When is the Right Time to Downsize to a Smaller House?

Your monthly housing expenses have increased by more than 30%. If you're facing a significant drop in your income due to retirement, wage cuts, or job loss, it may be time to move to a smaller, more affordable location. Downsizing your home has many advantages. You may have built up equity in your current home, and you can use the leftover capital to do whatever you want.

You can also buy your new home as a cash buyer, giving you more options and a faster chain. Reducing to a smaller home means less maintenance, lower bills, and more time to do the things you love. It's an exercise in saving money and time. If you're going to reduce your staff in the future, it means you can choose a property that better meets your needs as you age.

Start the downsizing process as soon as possible so that you have enough time to properly tidy up your home without feeling overwhelmed. A general rule of thumb is that you'll want to start at least 3 months before you plan to move, but the sooner the better. Retirement is one of the most common reasons people seek to downsize their home. As they approach or go through retirement, many people who hope to take advantage of their retirement savings want to reduce their annual expenses. A smaller, cheaper property can help achieve this by reducing property taxes, insurance, and mortgage payments.

If you can't remember the last time you entered your guest room, except when it was dusted off, it may be time to downsize. Unused rooms still end up costing money not only in property taxes but also in maintenance (leaky ceilings, peeling paint, etc.). When thinking about downsizing, it's important to forecast ahead for the future. While you may now be agile and capable, what will happen 15-20 years from now? According to Helen Guajardo, a real estate expert at KW San Antonio, medical problems or disability are one of the most common reasons why some choose to downsize their home. The time may come when climbing the stairs of your two-story house several times a day can be too much.

A one-story house or apartment may be more appropriate for your physical abilities for years to come. Financial problems are another reason why some consider downsizing their home in old age. The trick to successfully downsizing for financial reasons is not to wait too long. If you're already using your savings to pay for your home expenses every month, chances are you shouldn't be in that house. You need your retirement savings, not to maintain a lifestyle you had when you earned a higher salary. This is a signal that can be applied to any homeowner, not just those who are considering downsizing their staff at an older age.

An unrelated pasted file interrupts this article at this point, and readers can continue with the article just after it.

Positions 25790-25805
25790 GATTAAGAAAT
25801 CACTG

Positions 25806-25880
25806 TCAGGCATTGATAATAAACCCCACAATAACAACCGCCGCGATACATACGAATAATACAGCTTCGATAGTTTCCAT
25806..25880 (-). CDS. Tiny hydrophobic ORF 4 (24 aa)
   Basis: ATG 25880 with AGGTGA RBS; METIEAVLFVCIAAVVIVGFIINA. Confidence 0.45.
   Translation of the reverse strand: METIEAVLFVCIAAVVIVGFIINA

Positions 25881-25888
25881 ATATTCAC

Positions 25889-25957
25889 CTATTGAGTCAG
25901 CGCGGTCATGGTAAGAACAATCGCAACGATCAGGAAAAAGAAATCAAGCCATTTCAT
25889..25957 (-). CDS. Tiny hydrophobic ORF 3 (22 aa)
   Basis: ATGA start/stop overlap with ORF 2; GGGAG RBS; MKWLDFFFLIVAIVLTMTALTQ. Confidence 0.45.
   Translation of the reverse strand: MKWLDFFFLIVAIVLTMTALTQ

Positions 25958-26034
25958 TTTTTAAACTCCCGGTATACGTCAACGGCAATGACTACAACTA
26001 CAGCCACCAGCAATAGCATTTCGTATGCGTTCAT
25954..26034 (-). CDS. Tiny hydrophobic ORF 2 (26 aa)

Minimal maintenance is definitely an advantage of not living in a big way. After all, the time and money you used to spend on cleaning and maintenance can now be spent on fun things. That's why some people see downsizing as a step forward, not a step backwards. If you think there's less space, you're not alone. After all, an adult who usually goes to college isn't too close, but what about a son or daughter (or even another family member) who might need to move home for other reasons? Would you like to share a bedroom and bathroom with them? When looking for a new home, make sure it meets your physical and emotional needs as well as your financial needs. Just because you can find a bargain doesn't mean the house is worth it.

After all, if you're going to make the effort to move, you have to do it right. A simple idea to reduce the size of your home is to eliminate duplicate items. Get rid of excess plates, wall art, baskets and bins, and other unnecessary multiples so that you can focus on the items that you really need. If done right, downsizing may still be a good idea. Not only will you be left with more money but it may also simplify your life and reduce your home's maintenance and utility costs for years to come.

To achieve that happy outcome, however, there are four traps that await downsizers which must be avoided:

  • Buying a house that doesn't meet your physical and emotional needs
  • Waiting too long before downsizing
  • Not forecasting ahead for the future
  • Buying a house just because it's cheap
There are many reasons why someone might buy a smaller home or reduce the size of their current home but sometimes it's just because less is more that drives homeowners towards buying a smaller home. According to research 69% of homeowners who had downsized in the past said that saving money was their main reason for doing so.